Ukraine – 24 May 2018

Being foster parents is about constant learning

Nataliya and Andriy Basarab live in the SOS Children's Village Brovary, Ukraine. They are foster parents for five children. Together with a team of experts, they can create a nurturing home for the children.

“28 March 2017 is a date we treasure. It’s the day when we officially moved into our new house as foster parents,” says Nataliya Basarab who, together with her husband Andriy, raises five children in the SOS Children's Village in Brovary, a small town close to the Ukrainian capital of Kiev.

The Basarabs welcomed the first two children in April 2017. Nataliya says that although they were not newcomers to parenthood, both having one child each from previous marriages, at first they were a bit nervous.

“Creating a loving family home for twelve-year-old Vanya* and ten-year-old Lina was an exciting time,” remembers Nataliya. “We’ve worked with children without parental care since 2013. But, this new start, this new family, these new dynamics were a real challenge.”

 

She explains that when Vanya and Lina arrived, the new family did everything together, indoors and outdoors.

“Whether it was cooking, gardening, playing, bicycle rides, walks, excursions, even reading books, watching TV and putting away the laundry – we did this all together. This helped the children accept us and feel safe and secure."

The Basarab’s family is one of thirteen in the village. Each family is headed by state-licensed foster parents that can be either a single person or a couple.

The foster parents in SOS Children’s Village Brovary get constant support from a team of experts. Nataliya and Andriy credit this for helping them face and overcome challenges. "The experts make sure each foster parent gets the training and counselling they need. At any moment, you can turn to them for advice. For me as a foster mother these strong and reliable relationships are very important," says Nataliya.

Over the summer of 2017, the family was extended further. Two siblings joined the family: ten-year-old Anna and seven-year-old Bogdan.  “Anna and Bogdan fit easily into our family's lifestyle. It's like jumping rope - one child runs in and jumps in harmony with the other,” says Nataliya.

Shortly after, Anna and Bogdan's biological half-brother, ten-year-old Maksim, came to the family. "The three siblings were beside themselves with the joy of finally being together."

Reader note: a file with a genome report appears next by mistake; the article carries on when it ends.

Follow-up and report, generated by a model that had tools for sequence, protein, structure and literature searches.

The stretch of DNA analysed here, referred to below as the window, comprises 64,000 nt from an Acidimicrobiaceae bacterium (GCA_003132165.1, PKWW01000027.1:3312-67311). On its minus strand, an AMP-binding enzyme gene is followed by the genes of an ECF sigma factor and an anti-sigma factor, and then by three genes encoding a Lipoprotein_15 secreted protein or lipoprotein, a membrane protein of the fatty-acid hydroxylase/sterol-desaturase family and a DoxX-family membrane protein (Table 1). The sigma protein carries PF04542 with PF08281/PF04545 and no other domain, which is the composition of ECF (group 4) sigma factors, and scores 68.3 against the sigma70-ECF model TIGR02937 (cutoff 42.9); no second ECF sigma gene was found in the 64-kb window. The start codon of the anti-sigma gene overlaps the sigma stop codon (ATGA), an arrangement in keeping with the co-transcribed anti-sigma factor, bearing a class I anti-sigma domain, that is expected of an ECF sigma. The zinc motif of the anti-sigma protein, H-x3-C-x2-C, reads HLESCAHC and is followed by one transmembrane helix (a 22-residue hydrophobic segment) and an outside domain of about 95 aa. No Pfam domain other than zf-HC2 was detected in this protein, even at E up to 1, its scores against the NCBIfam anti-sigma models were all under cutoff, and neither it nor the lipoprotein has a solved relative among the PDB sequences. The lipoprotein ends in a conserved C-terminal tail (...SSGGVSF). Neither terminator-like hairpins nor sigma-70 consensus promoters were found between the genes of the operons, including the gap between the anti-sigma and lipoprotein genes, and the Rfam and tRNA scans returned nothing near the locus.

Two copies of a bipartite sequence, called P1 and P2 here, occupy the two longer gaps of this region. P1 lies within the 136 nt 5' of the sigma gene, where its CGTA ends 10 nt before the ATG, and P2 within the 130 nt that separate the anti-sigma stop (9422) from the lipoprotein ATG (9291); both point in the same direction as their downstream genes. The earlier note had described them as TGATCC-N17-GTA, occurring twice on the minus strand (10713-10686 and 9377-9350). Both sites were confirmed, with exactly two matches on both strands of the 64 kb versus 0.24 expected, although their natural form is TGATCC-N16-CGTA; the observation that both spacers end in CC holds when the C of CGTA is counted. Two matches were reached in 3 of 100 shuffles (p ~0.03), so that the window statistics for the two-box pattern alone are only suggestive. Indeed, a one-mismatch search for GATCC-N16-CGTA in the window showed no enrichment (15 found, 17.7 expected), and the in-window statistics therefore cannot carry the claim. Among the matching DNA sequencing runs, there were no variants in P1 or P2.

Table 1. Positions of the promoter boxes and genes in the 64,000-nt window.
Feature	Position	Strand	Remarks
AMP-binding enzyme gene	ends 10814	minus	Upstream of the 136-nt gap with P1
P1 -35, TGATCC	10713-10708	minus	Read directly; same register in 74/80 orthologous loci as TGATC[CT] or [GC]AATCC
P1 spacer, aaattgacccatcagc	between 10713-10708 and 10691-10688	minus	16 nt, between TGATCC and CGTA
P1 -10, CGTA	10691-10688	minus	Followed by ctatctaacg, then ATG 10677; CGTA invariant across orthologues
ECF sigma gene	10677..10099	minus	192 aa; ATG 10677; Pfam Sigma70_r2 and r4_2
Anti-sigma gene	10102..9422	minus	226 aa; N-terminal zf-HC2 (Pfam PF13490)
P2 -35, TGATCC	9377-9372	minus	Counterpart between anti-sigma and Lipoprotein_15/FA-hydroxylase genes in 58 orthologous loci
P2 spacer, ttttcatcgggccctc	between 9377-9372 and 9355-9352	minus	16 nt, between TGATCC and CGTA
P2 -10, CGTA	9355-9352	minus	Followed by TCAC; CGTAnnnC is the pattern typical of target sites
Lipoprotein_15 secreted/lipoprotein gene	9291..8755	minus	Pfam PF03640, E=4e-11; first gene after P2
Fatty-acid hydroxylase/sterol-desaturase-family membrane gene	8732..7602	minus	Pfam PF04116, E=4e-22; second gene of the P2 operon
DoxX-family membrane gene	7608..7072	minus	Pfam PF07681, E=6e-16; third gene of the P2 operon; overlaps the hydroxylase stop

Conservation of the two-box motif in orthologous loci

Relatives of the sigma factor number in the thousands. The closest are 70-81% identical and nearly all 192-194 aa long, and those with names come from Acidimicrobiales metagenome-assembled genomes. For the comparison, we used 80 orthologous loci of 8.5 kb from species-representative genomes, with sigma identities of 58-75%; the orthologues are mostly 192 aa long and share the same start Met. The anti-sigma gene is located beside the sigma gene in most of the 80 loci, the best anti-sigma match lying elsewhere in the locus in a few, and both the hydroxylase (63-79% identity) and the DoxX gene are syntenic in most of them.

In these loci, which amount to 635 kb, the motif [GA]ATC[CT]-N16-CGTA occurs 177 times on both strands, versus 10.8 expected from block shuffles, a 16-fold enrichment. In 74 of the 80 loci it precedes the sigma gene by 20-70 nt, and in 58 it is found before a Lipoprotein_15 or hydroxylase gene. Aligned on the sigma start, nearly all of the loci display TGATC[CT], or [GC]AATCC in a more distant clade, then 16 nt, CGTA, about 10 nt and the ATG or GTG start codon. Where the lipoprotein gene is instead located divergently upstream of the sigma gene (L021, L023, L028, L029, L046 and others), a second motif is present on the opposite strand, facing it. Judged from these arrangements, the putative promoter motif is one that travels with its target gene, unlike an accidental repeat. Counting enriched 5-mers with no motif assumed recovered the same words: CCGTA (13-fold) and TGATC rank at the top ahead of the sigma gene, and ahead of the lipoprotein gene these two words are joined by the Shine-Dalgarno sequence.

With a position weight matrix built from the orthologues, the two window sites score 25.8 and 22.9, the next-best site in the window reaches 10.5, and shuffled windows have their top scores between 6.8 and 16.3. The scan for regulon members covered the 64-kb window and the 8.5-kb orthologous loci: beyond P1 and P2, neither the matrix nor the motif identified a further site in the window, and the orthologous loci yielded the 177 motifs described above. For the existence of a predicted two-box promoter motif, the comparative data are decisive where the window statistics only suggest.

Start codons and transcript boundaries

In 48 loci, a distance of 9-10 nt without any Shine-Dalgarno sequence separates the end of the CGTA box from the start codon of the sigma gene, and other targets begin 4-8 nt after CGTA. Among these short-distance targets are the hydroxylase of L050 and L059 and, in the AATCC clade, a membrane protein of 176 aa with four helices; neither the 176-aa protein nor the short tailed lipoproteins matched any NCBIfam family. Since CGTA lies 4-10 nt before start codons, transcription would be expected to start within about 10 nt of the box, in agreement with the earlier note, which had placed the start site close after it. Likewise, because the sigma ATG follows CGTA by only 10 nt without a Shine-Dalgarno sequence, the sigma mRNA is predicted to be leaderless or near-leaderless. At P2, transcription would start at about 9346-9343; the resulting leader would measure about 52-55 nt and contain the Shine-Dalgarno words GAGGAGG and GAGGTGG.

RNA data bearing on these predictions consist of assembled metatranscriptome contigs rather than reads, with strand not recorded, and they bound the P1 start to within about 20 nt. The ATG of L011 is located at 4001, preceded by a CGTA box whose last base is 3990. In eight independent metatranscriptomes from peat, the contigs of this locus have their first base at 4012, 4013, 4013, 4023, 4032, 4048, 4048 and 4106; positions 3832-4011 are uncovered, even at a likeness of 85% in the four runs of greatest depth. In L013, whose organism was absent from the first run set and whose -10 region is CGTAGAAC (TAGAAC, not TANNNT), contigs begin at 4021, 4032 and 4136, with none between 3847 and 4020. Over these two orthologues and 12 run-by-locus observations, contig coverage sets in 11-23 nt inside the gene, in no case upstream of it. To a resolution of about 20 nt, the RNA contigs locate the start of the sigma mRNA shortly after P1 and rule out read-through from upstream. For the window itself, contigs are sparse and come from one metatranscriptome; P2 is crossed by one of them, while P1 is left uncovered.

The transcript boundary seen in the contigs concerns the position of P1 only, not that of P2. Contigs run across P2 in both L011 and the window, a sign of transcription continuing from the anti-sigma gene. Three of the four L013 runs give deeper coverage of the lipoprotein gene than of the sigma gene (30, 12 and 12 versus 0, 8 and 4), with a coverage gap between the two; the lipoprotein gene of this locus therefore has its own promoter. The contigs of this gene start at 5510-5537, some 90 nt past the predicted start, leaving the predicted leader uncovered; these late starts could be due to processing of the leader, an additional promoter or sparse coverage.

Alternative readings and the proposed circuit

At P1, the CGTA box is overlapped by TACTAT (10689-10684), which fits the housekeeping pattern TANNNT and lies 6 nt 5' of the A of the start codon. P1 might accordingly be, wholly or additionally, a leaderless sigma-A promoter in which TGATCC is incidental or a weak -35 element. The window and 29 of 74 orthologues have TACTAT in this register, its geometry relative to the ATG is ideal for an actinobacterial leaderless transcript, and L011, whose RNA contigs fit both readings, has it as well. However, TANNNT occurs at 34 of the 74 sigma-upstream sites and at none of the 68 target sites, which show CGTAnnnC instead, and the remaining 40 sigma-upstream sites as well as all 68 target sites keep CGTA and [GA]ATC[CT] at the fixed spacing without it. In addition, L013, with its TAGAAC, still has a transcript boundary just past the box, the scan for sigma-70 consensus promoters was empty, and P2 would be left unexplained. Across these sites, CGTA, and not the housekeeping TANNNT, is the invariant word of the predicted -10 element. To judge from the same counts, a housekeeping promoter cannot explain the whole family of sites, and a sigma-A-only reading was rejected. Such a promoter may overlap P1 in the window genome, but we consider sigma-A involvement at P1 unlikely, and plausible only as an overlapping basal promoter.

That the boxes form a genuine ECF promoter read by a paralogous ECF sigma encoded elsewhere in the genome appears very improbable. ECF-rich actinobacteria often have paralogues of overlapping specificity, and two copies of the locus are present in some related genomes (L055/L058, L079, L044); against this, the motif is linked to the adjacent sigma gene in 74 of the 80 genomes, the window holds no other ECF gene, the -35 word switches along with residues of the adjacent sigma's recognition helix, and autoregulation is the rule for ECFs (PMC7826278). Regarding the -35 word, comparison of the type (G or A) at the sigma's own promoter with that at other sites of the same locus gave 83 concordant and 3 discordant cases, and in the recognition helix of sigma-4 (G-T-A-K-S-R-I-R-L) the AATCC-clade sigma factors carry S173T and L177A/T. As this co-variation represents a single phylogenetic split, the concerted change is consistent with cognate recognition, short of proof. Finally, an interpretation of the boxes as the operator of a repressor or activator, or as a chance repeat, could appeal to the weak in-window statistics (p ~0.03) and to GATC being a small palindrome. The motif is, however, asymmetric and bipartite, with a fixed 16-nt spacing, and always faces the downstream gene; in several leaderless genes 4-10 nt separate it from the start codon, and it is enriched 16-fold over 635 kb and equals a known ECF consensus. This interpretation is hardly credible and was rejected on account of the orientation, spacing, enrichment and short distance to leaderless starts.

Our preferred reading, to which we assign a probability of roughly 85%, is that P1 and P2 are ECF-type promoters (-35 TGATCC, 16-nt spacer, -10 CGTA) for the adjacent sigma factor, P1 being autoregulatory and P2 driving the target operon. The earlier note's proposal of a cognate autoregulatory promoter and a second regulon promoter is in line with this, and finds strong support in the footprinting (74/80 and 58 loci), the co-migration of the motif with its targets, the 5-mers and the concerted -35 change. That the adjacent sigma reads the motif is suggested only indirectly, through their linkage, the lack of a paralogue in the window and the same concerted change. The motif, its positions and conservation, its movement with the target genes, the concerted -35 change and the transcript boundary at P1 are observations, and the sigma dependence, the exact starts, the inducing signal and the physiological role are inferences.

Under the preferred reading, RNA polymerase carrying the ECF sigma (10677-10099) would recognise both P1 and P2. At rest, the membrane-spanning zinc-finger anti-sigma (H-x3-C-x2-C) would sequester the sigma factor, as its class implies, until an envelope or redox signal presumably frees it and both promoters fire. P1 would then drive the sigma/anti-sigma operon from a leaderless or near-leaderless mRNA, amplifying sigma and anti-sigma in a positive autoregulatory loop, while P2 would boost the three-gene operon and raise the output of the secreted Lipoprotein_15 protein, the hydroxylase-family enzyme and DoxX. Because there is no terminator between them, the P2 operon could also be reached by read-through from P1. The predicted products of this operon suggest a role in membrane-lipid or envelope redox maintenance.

In September of that year came a bitter-sweet moment - little Lina was adopted. The village’s expert team helped the entire family cope with the new situation that brought fears and insecurities. Nataliya explains that Lina was adopted by the same family who few years before had adopted her older sister. “Lina is reunited and will grow up with her sister. We miss her, but we are truly happy for both of them.”

Andriy adds: “When you're a foster parent, you face challenges every day. But you should never turn a blind eye. We always seek the help of experts like psychologists or pedagogues. Only with help and constant learning can you become a better person and a better parent. The children are always looking up to us. They often copy our behaviour, so we need to stay a positive example.”

 

Nataliya and Andriy also bring their professional skills into their parenting. Nataliya is a trained food professional, while Andriy played a role in developing the sport of field hockey in Ukraine.

“Traditional Ukrainian dishes are my passion. I take special care that my children eat healthy and well-balanced meals. I use a lot of vegetables, mainly steamed, and I try to make cooking fun. So far, I didn't have to deal with any leftovers,” says Nataliya.

Andriy’s passion for field hockey easily transferred to the children. The family goes to games together, and the boys show an interest in playing. Andriy can often be seen cycling or roller-skating with the children and is in charge of the barbecue outings. “We usually barbecue at a picnic area close to our home. Barbecues are fun for all our children and are a cosy, family time,” he says.

Around the time of Nataliya’s and Andriy’s anniversary as foster parents, the family welcomed one more member - seven-year-old Oksana. “Our family is growing in size and closeness,” says Nataliya.

The foster couple recently went to a workshop that required overnight stay. “We felt confident our family assistant takes good care of our children, but still we missed them. When we came back they giggled at the door hugging us and then took us in the dining room to a special surprise - a delicious lunch prepared by them.”

 

Looking back at the year behind them, Andriy and Nataliya summarise: “We feel really happy. We have good neighbours and good support. As a family, we mean a lot to each other, we care about each other and we enjoy being together.”

*For privacy reasons, the names of the children are changed.

 

Read more about our work in Ukraine

Learn more about how SOS Children's Villages provides alternative care for children

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